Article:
My own past flute teachers gave me conflicting advice about how much the flute headjoint should press into the lower lip. One would pull on the crown of my flute while I played to make sure it came away from my lip with no resistance. Another would push the headjoint more firmly into my face as I played. (I improved under both teachers’ approaches.)
I got curious about it recently and looked up what some flute pedagogues have had to say. I’m presenting my findings here without taking a personal stance (yet).
It’s a little tricky to parse some of these, since many speak in terms of avoiding too much pressure, but don’t clarify whether that means to use as little pressure as possible or some moderate amount of pressure.
In the avoid-too-much-pressure camp:
A very important point to remember is never to force the mouth plate against the lower teeth as such forcing will limit the amount of flexibility after the embouchure has been developed.James Pellerite: “Improving Tone Production in Flute Performance,” in Woodwind Anthology, volume I, 1999 edition. Northfield, Illinois: The Instrumentalist, 1999, p. 11. Article originally printed in The Instrumentalist in 1953.
Do not press the head joint hard against the lips. Control of the tone must come from the lips themselves, not from pressure.George Waln, “First Flute Lesson,” in Woodwind Anthology, volume I, 1999 edition. Northfield, Illinois: The Instrumentalist, 1999, p. 25. Article originally printed in The Instrumentalist in 1957.
“The chin is, of course, an aid in support, but it must not be depended on for support, since pressure against the jaw will seriously disturb the embouchure.”Edwin Putnik: The Art of Flute Playing, revised edition. Miami, Florida: Summy-Birchard Inc., 1970, p. 7.
In order to correct this problem [sharpness/pinching], the student should be certain that he is not pressing the flute against his lower lip, but rather thinking of the flute as resting lightly against the lip…Mary Jean Simpson: “Flute Intonation Trouble: Spare Not The Rod,” in Woodwind Anthology, volume I, 1999 edition. Northfield, Illinois: The Instrumentalist, 1999, p. 117. Article originally printed in The Instrumentalist in 1972.
Do not press the flute too tightly against the chin because too much pressure will alter the tone and pitch.Kathleen Goll-Wilson, “Erratic Intonation in Flute Sections,” in Woodwind Anthology, volume I, 1999 edition. Northfield, Illinois: The Instrumentalist, 1999, p. 661. Article originally printed in The Instrumentalist in 1992.
Excessive pressure against the chin should be avoided.William Dietz, Jerry Kirkbride, Hal Ott, Mark Weiger, Craig Whittaker: Teaching Woodwinds: A Method and Resource Handbook for Music Educators. Belmont, California: Schirmer, 1998, p. 174. Note: Hal Ott is the flutist among the authors, so this presumably reflects his opinion.
…the flute should rest lightly against the chin in order to leave the lips free and flexible.Nancy Toff: The Flute Book: A Complete Guide for Students and Performers, third edition. Oxford University Press, 2012, p. 94.
[Common problems:] Too much pressure into the lip. The teacher should be able to tap the flute off of the lip with very little effort. … [for piccolo:] Too much pressure into the face, especially upper register. Excessive pressure makes high notes much more difficult if not impossible.Charles West: Woodwind Methods: An Essential Resource for Educators, Conductors, and Students. Delray Beach, Florida: Meredith Music Publications, 2015, p. 17.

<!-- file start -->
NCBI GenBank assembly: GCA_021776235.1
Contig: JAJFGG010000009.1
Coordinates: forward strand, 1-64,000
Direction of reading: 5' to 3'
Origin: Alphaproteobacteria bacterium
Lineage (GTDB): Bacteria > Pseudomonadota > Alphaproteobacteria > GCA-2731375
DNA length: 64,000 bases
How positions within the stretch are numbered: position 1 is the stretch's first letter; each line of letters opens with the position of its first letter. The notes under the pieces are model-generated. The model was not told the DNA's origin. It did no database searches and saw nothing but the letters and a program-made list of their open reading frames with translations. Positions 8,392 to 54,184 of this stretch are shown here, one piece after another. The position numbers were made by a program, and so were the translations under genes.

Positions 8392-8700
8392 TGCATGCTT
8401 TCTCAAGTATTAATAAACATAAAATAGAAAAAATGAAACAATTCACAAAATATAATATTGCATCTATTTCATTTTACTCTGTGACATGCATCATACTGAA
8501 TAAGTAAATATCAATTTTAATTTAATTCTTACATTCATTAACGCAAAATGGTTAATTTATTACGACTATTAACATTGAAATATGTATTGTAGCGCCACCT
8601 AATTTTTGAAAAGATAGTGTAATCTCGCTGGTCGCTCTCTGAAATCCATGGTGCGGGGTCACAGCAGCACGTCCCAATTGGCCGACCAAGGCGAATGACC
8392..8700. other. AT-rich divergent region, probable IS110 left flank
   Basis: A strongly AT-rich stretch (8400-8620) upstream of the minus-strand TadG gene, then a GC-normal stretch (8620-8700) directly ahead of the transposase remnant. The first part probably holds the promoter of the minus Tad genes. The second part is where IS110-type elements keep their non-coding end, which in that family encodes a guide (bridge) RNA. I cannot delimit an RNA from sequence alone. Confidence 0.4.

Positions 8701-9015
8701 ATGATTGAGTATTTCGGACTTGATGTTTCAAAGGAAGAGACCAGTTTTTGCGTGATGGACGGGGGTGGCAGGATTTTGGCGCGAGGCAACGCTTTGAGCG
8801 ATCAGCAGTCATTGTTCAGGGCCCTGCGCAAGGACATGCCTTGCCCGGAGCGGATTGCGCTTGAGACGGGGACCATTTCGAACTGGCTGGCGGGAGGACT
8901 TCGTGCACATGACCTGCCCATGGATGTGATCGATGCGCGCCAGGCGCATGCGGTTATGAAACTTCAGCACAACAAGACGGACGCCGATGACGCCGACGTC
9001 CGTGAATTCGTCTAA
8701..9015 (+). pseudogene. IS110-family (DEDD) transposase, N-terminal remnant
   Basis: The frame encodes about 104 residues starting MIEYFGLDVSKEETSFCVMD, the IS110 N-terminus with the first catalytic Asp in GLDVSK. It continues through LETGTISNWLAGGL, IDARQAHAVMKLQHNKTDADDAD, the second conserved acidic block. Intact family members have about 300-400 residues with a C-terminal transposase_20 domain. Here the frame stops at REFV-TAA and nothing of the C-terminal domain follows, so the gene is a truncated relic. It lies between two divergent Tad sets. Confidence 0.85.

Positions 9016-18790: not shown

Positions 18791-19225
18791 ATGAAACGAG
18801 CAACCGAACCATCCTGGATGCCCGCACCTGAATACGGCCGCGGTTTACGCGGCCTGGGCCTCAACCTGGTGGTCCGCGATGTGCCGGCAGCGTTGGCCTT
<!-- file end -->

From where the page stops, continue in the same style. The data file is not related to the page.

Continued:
These are the ones I could find that seemed to advocate for at least some pressure, although neither is explicit about how much:
Students should keep in mind the three points of pressure… [including] the lips pushing out against the flute…John Knight, “Flute Intonation,” in Woodwind Anthology, volume I, 1999 edition. Northfield, Illinois: The Instrumentalist, 1999, p. 529. Article originally printed in The Instrumentalist in 1989.
“Keep a relaxed embouchure, but place the flute firmly on the chin.”Michel Debost: “Basics of Flute Playing,” in Woodwind Anthology, volume I, 1999 edition. Northfield, Illinois: The Instrumentalist, 1999, p. 632. Article originally printed in The Instrumentalist in 1991.
John Knight is the only author to speak in terms of the lips putting pressure on the flute, rather than the reverse.
In any case, among the sources I consulted, there seems to be some consensus that pressure of flute against lip should be light, or at least not “excessive.”
3 thoughts on “Flute pressure against lip: survey of published opinions”
If you are having trouble stabilizing the flute then perhaps more pressure on the chin achieved by the left hand will help.
Since we don’t actually measure the pressure applied with a machine there should be some indicator.
Isolating one factor like pressure on the chin might be like one size fits all.
So many advocates of light pressure point to tonal results and not finger freedom.
In addition I think when we change techniques there is a morphing period when we overdo things and then gradually internalize the procedure.
My college instructor believed in a light resting of the flute on chin. My curdd3nt instructor believes that is one of the three points to stabilize the flute, with the other two being the left index finger and right pinky, so i apply more pressure.
My current instructor also has to teach students in marching band so I can see how having it firmly planted on the chin may be more beneficial while moving.